China’s central bank governor has ruled out any change in monetary policy less than a day after the country’s third-quarter GDP fell to a 6% growth rate – the lowest in almost 30 years.
Economists blamed the Donald Trump-driven trade war, cooling global trade and weak manufacturing and investment sentiment for the weak figures, which were slightly lower than analysts’ expectations, showed.
The weak figures saw the National Australia Bank cut its growth forecast for 2019 to 6.1% (from 6.25% previously), “while growth in 2020 is forecast at 5.9% (compared with 6.0% previously).”
The growth rate was at the bottom of the government’s 2019 growth range of 6% to 6.5% and was driven (according to analysis from the NAB) “by China’s secondary sector – manufacturing and construction – with conditions in the former significantly weaker as a result of the US-China trade war. This sector grew by 5.2% YoY in Q3 (compared with 5.5% previously).
“In contrast, China’s services sector has recorded fairly stable growth – increasing by 7.0% YoY in Q3 – the same rate of growth recorded in the March and June quarters,” NAB analysts said at the weekend.
Some analysts suggested the weak performance could see more action from the central bank after the recent cut in the bank reserve assets ratio and cut a tiny amount off a key lending rate, but Governor Yi Gang made it clear in comments on the People’s Bank of China website there would be no change in the current policy stance.
Western media reports said he said the central bank will continue to implement prudent monetary policies and create an appropriate financial environment for high-quality economic growth.
Yi also said that China’s economic growth remains basically stable, despite facing downward pressure. The yuan currency is basically stable and credit is growing at a steady pace, he said.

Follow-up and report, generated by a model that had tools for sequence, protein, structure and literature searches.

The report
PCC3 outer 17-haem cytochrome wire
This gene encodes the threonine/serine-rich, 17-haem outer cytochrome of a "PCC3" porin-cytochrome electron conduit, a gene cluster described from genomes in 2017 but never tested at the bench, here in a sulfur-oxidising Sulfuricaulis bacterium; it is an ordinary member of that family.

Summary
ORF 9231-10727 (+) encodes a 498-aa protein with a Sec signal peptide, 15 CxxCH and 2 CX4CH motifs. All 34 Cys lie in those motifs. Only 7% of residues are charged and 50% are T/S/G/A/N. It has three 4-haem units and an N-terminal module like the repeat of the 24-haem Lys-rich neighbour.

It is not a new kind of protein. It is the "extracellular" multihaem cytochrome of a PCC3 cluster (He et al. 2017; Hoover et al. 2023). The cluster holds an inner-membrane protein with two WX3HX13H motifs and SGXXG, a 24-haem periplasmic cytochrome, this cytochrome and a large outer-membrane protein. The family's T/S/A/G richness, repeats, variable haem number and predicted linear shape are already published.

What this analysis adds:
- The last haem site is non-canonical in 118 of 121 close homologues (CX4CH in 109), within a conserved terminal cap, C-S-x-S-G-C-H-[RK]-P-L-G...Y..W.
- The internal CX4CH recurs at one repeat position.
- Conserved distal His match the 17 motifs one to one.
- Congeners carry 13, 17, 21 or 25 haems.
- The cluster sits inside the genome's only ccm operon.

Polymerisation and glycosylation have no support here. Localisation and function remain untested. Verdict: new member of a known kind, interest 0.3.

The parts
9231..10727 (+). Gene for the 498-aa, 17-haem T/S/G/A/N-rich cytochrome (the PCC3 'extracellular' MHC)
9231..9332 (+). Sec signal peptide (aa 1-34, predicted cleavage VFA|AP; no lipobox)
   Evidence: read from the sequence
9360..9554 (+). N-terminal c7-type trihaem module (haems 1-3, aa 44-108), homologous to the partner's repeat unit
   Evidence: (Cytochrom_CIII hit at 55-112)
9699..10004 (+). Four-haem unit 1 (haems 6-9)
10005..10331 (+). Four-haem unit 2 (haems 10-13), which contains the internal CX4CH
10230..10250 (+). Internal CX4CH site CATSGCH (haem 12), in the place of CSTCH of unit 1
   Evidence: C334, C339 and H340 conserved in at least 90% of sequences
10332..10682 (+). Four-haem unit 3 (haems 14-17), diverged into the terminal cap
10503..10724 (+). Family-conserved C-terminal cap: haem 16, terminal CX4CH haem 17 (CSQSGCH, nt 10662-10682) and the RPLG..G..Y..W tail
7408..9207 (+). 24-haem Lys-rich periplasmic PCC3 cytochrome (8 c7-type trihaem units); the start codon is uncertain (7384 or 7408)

Yi made the remarks during a G20 meeting in Washington held on Thursday and Friday, according to the statement which was released on Saturday.
The 6% rate was the lowest since 1992 and came despite slightly better figures for industrial output, urban investment and retail sales in September.
China’s industrial output grew 5.8% year-on-year in September, recovering after slowing sharply the previous month, according to the monthly report from the National Bureau of Statistic on Friday
Analysts had expected industrial output to grow by 5.0% in September so the much higher rate of expansion came as a big surprise.
Crude steel fell from August but was up on September 2018. The fall was due to production curbs in northern China ahead of the October 1 celebration of China’s 70th birthday. The curbs in and around Beijing and several other major cities was to allow smog to clear.
Retail sales rose by 7.8% year-on-year last month, in line with analysts’ expectations of 7.8% growth. That was up slightly from the 7.5% rate in August.
Fixed asset investment grew 5.4% from January-September, matching forecasts and faster than the multi-year low of 4.8% in August.
Chinese property investment grew 10.5% year on year in September, boosted by a higher construction starts, which rose to a 6.7% rate.